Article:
Reference > Quotations > Hoyt & Roberts, comps. > Hoyt’s New Cyclopedia of Practical Quotations
Hoyt & Roberts, comps.  Hoyt’s New Cyclopedia of Practical Quotations.  1922.
  I would  *  *  *  earnestly advise them for their good to order this paper to be punctually served up, and to be looked upon as a part of the tea equipage.
        Addison—Spectator. No. 10.
  They consume a considerable quantity of our paper manufacture, employ our artisans in printing, and find business for great numbers of indigent persons.
        Addison—Spectator. No. 367.
  Advertisements are of great use to the vulgar. First of all, as they are instruments of ambition. A man that is by no means big enough for the Gazette, may easily creep into the advertisements; by which means we often see an apothecary in the same paper of news with a plenipotentiary, or a running footman with an ambassador.
        Addison—Tatler. No. 224.
  The great art in writing advertisements is the finding out a proper method to catch the reader’s eye; without which a good thing may pass over unobserved, or be lost among commissions of bankrupt.
        Addison—Tatler. No. 224.
Ask how to live? Write, write, write, anything;
The world’s a fine believing world, write news.
        Beaumont and Fletcher—Wit without Money. Act II.
  [The opposition Press] which is in the hands of malecontents who have failed in their career.
        Bismarck. To a deputation from Rügen to the King. Nov. 10, 1862.
Hear, land o’ cakes, and brither Scots,
Frae Maidenkirk to Johnny Groat’s;
If there’s a hole in a’ your coats,
        I rede you tent it:
A chiel’s amang you taking notes,
        And, faith, he’ll prent it.
        BurnsOn Capt. Grose’s Peregrinations Through Scotland.
A would-be satirist, a hired buffoon,
A monthly scribbler of some low lampoon,
Condemn’d to drudge, the meanest of the mean,
And furbish falsehoods for a magazine.
        Byron—English Bards and Scotch Reviewers. L. 975.
The editor sat in his sanctum, his countenance furrowed with care,
His mind at the bottom of business, his feet at the top of a chair,
His chair-arm an elbow supporting, his right hand upholding his head,
His eyes on his dusty old table, with different documents spread.
        Will Carleton—Farm Ballads. The Editor’s Guests.
A Fourth Estate, of Able Editors, springs up.
        Carlyle—French Revolution. Pt. I. Bk. VI. Ch. 5.
  Great is journalism. Is not every able editor a ruler of the world, being the persuader of it?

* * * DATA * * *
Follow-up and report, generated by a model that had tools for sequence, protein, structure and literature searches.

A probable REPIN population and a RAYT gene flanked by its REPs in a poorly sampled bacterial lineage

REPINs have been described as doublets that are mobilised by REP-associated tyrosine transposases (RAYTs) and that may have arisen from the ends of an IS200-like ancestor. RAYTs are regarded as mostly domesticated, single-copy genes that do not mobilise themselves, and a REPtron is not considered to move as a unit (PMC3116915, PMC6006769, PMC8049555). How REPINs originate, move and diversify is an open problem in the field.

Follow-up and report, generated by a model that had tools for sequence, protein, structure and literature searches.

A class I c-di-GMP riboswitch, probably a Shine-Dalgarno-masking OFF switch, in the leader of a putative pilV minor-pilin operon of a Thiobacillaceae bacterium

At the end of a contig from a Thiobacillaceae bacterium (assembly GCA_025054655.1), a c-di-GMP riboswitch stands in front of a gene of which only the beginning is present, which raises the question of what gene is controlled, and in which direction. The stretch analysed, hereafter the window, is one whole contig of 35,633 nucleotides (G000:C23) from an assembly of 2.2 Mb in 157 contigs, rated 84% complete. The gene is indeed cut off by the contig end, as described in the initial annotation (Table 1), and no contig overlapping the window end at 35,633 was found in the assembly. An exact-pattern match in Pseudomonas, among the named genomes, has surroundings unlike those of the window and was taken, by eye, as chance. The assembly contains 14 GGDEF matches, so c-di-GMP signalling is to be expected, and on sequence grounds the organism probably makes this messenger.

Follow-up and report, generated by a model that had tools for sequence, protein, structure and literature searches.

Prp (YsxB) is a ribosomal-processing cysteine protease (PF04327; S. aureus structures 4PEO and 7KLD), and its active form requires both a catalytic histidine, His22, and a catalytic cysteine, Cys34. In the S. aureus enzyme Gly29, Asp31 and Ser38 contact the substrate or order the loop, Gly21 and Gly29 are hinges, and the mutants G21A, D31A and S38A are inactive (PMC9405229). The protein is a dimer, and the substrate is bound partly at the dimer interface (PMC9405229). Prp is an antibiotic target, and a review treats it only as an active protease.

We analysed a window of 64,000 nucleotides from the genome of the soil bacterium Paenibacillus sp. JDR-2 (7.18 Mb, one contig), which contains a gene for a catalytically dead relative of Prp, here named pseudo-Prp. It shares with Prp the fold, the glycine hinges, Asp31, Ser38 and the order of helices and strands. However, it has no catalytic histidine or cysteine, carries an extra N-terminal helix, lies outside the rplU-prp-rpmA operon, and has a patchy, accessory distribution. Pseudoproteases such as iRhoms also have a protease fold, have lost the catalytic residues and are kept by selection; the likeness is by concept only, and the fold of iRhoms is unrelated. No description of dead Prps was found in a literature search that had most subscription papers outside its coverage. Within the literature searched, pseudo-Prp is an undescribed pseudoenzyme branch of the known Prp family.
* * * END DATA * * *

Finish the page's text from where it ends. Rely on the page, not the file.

Carlyle—French Revolution. Pt. II. Bk. I. Ch. 4.
  Burke said there were Three Estates in Parliament; but, in the Reporter’s gallery yonder, there sat a fourth estate more important far than they all.
        Carlyle—Heroes and Hero-Worship. Lecture V. Burke is credited with having invented the term, but it does not appear in his published works. The “three estates of the realm” are the Lords Spiritual, The Lords Temporal, and the Commons. David Lindslay—Ane pleasant satyre of the Three Estatis. (1535). Rabelais—in Pantagruel, 4–48 describes a monk, a falconer, a lawyer, and a husbandman called the “four estates of the island.” (Les quatre estatz de l’isle.)
  A parliament speaking through reporters to Buncombe and the Twenty-seven millions, mostly fools.
        Carlyle—Latter Day Pamphlets. No. VI. Parliaments.
  Get your facts first, and then you can distort ’em as much as you please.
        S. L. Clemens (Mark Twain)—Interview with Kipling. In From Sea to Sea. Epistle 37.
Only a newspaper! Quick read, quick lost,
Who sums the treasure that it carries hence?
Torn, trampled under feet, who counts thy cost,
Star-eyed intelligence?
        Mary Clemmer—The Journalist. St. 9.
To serve thy generation, this thy fate:
“Written in water,” swiftly fades thy name;
But he who loves his kind does, first and late,
A work too great for fame.
        Mary Clemmer—The Journalist. Last Stanza.
  I believe it has been said that one copy of the Times contains more useful information than the whole of the historical works of Thucydides.
        Richard Cobden—Speech at the Manchester Athenæum, Dec. 27, 1850. See The Times, Dec. 30, 1830. P. 7. Quoted in Morley’s Life of Cobden. Note. Vol. II. P. 429. Also reference to same. P. 428.
Did Charity prevail, the press would prove
A vehicle of virtue, truth, and love.
        Cowper—Charity. L. 624.
How shall I speak thee, or thy power address,
Thou God of our idolatry, the Press.